The Ebb Tide

Page 43

'Yes, the evenings here would be very pleasant if one had anything to do. By day, of course, one can shoot.'

'You shoot?' asked Herrick.

'Yes, I am what you would call a fine shot,' said Attwater. 'It is faith; I believe my balls will go true; if I were to miss once, it would spoil me for nine months.'

'You never miss, then?' said Herrick.

'Not unless I mean to,' said Attwater. 'But to miss nicely is the art. There was an old king one knew in the western islands, who used to empty a Winchester all round a man, and stir his hair or nick a rag out of his clothes with every ball except the last; and that went plump between the eyes. It was pretty practice.'

'You could do that?' asked Herrick, with a sudden chill.

'Oh, I can do anything,' returned the other. 'You do not understand: what must be, must.'

They were now come near to the back part of the house. One of the men was engaged about the cooking fire, which burned with the clear, fierce, essential radiance of cocoanut shells. A fragrance of strange meats was in the air. All round in the verandahs lamps were lighted, so that the place shone abroad in the dusk of the trees with many complicated patterns of shadow.

'Come and wash your hands,' said Attwater, and led the way into a clean, matted room with a cot bed, a safe, or shelf or two of books in a glazed case, and an iron washing-stand. Presently he cried in the native, and there appeared for a moment in the doorway a plump and pretty young woman with a clean towel.

'Hullo!' cried Herrick, who now saw for the first time the fourth survivor of the pestilence, and was startled by the recollection of the captain's orders.

'Yes,' said Attwater, 'the whole colony lives about the house, what's left of it. We are all afraid of devils, if you please! and Taniera and she sleep in the front parlour, and the other boy on the verandah.'

'She is pretty,' said Herrick.

'Too pretty,' said Attwater. 'That was why I had her married. A man never knows when he may be inclined to be a fool about women; so when we were left alone, I had the pair of them to the chapel and performed the ceremony. She made a lot of fuss. I do not take at all the romantic view of marriage,' he explained.

'And that strikes you as a safeguard?' asked Herrick with amazement.

'Certainly. I am a plain man and very literal. WHOM GOD HATH JOINED TOGETHER, are the words, I fancy. So one married them, and respects the marriage,' said Attwater.

'Ah!' said Herrick.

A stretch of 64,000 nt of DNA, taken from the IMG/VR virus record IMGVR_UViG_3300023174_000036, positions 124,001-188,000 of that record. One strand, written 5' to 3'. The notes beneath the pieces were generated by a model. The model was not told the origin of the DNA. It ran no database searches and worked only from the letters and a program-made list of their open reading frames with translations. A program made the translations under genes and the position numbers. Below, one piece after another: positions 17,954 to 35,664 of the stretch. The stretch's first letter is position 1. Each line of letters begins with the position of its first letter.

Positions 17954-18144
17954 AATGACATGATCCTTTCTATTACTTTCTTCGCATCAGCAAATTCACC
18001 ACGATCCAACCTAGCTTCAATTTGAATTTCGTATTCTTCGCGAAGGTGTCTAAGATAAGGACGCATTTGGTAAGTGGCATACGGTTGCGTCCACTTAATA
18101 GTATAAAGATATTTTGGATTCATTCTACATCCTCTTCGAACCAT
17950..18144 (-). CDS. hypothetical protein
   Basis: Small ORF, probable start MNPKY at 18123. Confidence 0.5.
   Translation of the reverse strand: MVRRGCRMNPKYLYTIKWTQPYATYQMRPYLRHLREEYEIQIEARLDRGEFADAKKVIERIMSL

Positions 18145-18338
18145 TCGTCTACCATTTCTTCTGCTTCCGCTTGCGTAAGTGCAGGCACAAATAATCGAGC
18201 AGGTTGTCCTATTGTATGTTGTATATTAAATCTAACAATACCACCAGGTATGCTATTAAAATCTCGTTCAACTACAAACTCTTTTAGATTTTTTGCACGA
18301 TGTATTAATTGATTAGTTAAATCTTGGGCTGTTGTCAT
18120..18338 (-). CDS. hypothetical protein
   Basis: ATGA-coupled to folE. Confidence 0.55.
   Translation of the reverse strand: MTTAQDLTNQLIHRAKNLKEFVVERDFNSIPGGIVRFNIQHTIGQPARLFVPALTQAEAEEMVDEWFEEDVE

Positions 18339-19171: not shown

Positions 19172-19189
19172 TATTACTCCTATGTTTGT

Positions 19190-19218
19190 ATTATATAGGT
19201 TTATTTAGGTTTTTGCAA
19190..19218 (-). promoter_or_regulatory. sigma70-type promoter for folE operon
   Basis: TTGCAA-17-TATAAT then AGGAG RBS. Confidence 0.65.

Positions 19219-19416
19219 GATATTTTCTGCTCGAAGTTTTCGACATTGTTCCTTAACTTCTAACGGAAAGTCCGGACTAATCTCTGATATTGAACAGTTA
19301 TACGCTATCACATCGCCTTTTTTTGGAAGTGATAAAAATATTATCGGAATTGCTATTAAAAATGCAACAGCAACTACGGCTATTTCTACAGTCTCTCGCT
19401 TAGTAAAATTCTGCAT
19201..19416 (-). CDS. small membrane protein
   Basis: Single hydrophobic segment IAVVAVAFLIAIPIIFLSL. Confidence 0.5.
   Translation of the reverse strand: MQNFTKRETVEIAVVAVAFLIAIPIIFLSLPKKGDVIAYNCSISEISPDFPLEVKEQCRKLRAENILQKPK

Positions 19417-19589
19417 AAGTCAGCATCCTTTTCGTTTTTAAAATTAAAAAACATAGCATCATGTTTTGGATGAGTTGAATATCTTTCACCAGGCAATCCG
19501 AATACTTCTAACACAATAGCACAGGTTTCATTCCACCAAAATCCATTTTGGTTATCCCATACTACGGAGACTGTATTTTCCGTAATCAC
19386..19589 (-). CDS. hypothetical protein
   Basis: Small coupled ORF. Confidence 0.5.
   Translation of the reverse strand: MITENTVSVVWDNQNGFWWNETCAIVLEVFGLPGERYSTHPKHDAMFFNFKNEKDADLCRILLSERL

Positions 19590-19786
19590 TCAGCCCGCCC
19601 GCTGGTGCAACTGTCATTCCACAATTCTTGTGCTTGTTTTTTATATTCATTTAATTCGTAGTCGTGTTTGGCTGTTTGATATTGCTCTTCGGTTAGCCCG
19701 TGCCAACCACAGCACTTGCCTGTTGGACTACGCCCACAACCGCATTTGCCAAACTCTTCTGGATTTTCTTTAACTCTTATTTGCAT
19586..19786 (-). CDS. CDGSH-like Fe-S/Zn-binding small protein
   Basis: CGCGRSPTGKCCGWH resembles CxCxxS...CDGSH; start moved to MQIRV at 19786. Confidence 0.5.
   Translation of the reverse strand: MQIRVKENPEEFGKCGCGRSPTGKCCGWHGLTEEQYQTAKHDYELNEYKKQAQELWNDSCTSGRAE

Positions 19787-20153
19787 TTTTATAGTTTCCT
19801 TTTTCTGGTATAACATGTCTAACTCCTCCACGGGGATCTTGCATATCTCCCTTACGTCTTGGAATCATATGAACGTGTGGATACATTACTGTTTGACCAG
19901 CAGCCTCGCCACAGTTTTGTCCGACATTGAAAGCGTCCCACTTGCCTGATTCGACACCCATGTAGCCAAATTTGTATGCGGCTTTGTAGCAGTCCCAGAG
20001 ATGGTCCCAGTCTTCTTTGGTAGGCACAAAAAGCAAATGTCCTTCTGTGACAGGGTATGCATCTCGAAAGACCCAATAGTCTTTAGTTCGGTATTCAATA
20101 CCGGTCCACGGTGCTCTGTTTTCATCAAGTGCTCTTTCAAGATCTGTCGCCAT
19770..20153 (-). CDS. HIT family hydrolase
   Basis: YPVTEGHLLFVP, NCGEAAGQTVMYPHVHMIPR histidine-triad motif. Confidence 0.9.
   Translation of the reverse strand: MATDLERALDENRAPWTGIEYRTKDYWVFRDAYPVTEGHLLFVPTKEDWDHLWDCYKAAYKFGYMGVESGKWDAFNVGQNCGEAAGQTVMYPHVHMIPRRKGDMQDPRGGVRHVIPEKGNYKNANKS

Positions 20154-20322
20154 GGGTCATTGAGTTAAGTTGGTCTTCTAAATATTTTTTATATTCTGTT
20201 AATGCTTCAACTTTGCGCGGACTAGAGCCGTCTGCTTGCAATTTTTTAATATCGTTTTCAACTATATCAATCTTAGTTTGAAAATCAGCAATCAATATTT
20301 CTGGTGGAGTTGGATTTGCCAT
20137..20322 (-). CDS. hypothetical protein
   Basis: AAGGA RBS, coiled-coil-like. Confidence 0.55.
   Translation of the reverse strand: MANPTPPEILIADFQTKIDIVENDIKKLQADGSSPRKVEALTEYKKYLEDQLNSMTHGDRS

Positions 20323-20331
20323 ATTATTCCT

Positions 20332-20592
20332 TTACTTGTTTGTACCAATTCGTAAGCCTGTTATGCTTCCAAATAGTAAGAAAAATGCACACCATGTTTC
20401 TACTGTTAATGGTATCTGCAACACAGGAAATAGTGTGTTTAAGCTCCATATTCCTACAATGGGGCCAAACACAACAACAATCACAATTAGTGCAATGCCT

'You see, I may look to make an excellent marriage when I go home,' began Attwater, confidentially. 'I am rich. This safe alone'--laying his hand upon it--'will be a moderate fortune, when I have the time to place the pearls upon the market. Here are ten years' accumulation from a lagoon, where I have had as many as ten divers going all day long; and I went further than people usually do in these waters, for I rotted a lot of shell, and did splendidly. Would you like to see them?'

This confirmation of the captain's guess hit Herrick hard, and he contained himself with difficulty. 'No, thank you, I think not,' said he. 'I do not care for pearls. I am very indifferent to all these . . .'

'Gewgaws?' suggested Attwater. 'And yet I believe you ought to cast an eye on my collection, which is really unique, and which--oh! it is the case with all of us and everything about us!--hangs. by a hair. Today it groweth up and flourisheth; tomorrow it is cut down and cast into the oven. Today it is here and together in this safe; tomorrow--tonight!--it may be scattered. Thou fool, this night thy soul shall be required of thee.'

'I do not understand you,' said Herrick.

'Not?' said Attwater.

'You seem to speak in riddles,' said Herrick, unsteadily. 'I do not understand what manner of man you are, nor what you are driving at.'

Attwater stood with his hands upon his hips, and his head bent forward. 'I am a fatalist,' he replied, 'and just now (if you insist on it) an experimentalist. Talking of which, by the bye, who painted out the schooner's name?' he said, with mocking softness, 'because, do you know? one thinks it should be done again.

Robert Louis Stevenson
Classic Literature Library

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